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Old 07-12-2010, 03:00 PM   #35
 
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Omg I love your daughter's hair! I could only hope that my daughter will hair as "big", if not "bigger" than your baby's hair. It is beautiful!
You just need to learn how to care for it. If you don't love the hair, it won't love you back.
Get rid of the Pink! It's not doing any good to her hair. Read the book "Curly Like Me" by Teri Laflesh. This book talks about a biracial woman who has a history of permed and relaxed hair and is now all natural with GORGEOUS hair, she found a way to deal with her hair, and it's just so beautiful and healthy.
Just don't do it, okay. Once it's damaged, it's damaged, you can't restore it, except if you do the Big Cut.
And please, tell her hair is beautiful. Don't hate her hair, don't tell her you don't like her hair. Help her build a good positive self esteem. All hair is beautiful, no matter what shape it comes in.

I also invite you to join my group on Cafemom. Look it up under "biracial haircare". You can share your thoughts and problems about her hair there with other moms going through the same, and get some constructing advice.
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Old 07-12-2010, 03:04 PM   #36
 
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I also wanted to let you know, and this I read in the book "Curly Like Me". Biracial hair usually is very fragile and thin, much more than "black" or straight hair , even though it may appear very thick. Any kind of chemical will ruin the hair and it will start breaking and stop growing. The hair will become stiff and will stand in several directions.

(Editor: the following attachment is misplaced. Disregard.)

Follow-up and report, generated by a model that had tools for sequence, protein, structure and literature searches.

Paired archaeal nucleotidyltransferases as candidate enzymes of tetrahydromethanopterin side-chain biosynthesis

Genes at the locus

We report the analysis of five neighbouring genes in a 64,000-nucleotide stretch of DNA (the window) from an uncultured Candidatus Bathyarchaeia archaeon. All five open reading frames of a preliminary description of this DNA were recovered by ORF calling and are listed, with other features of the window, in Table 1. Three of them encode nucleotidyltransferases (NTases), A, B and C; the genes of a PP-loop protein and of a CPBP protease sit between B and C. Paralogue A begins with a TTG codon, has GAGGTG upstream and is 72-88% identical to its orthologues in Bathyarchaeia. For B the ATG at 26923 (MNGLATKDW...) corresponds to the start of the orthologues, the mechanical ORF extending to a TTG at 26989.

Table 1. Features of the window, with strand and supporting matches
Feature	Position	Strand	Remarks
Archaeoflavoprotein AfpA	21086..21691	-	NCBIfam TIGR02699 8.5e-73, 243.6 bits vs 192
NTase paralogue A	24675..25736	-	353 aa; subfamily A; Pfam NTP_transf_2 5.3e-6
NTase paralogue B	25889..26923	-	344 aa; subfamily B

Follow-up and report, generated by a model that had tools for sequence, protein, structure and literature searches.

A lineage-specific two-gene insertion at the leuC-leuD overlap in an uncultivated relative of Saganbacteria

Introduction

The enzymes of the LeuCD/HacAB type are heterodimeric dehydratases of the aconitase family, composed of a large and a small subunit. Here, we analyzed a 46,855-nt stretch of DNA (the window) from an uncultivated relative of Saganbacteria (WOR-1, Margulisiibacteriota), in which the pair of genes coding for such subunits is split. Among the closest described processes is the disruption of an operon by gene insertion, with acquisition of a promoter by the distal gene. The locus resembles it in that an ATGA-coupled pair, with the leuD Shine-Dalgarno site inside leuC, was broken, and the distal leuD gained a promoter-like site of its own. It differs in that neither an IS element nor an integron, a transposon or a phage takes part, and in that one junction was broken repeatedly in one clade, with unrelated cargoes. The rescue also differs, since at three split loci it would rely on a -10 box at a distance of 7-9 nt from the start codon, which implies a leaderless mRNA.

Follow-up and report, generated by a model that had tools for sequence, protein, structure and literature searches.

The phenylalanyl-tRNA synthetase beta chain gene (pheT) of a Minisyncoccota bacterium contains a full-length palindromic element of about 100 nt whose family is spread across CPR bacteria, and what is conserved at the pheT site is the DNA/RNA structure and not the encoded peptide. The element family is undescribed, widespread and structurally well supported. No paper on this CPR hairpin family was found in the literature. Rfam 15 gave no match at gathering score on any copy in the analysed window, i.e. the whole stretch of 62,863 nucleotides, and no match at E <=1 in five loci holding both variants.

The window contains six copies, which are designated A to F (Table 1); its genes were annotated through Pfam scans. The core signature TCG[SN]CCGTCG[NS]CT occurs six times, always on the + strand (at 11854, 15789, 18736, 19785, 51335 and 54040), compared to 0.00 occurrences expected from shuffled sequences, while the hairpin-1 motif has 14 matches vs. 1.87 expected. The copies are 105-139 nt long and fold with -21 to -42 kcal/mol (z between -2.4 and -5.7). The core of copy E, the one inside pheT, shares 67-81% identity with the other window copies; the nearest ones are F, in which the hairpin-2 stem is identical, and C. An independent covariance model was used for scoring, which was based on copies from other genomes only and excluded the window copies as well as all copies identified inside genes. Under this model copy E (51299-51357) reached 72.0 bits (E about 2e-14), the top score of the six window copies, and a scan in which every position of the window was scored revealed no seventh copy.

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Old 07-12-2010, 03:06 PM   #37
 
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I also wanted to let you know, and this I read in the book "Curly Like Me". Biracial hair usually is very fragile and thin, much more than "black" or straight hair , even though it may appear very thick. Any kind of chemical will ruin the hair and it will start breaking and stop growing. The hair will become stiff and will stand in several directions.

I haven't read the book, but I thought 4a/4b (although mixed people can have this hair type, but for the sake of my point people always assume mixed people only have 3b/3c hair) was the most fragile type of hair. Because curly hair is fragile, so it would make sense why its the most fragile, since its the curliest.
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Old 07-12-2010, 03:21 PM   #38
 
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I just want to say being mixed, my mama never let me get one until I was 14 and being a stupid conforming teenager. Let me just say I know other mixed children who's parents have put relaxers in their hair...it doesn't make it easier.

1. It will cost more, getting her hair done all the time...she's a little kid, she going to want to run around and play and come in the house smelling like a puppy and swim etc.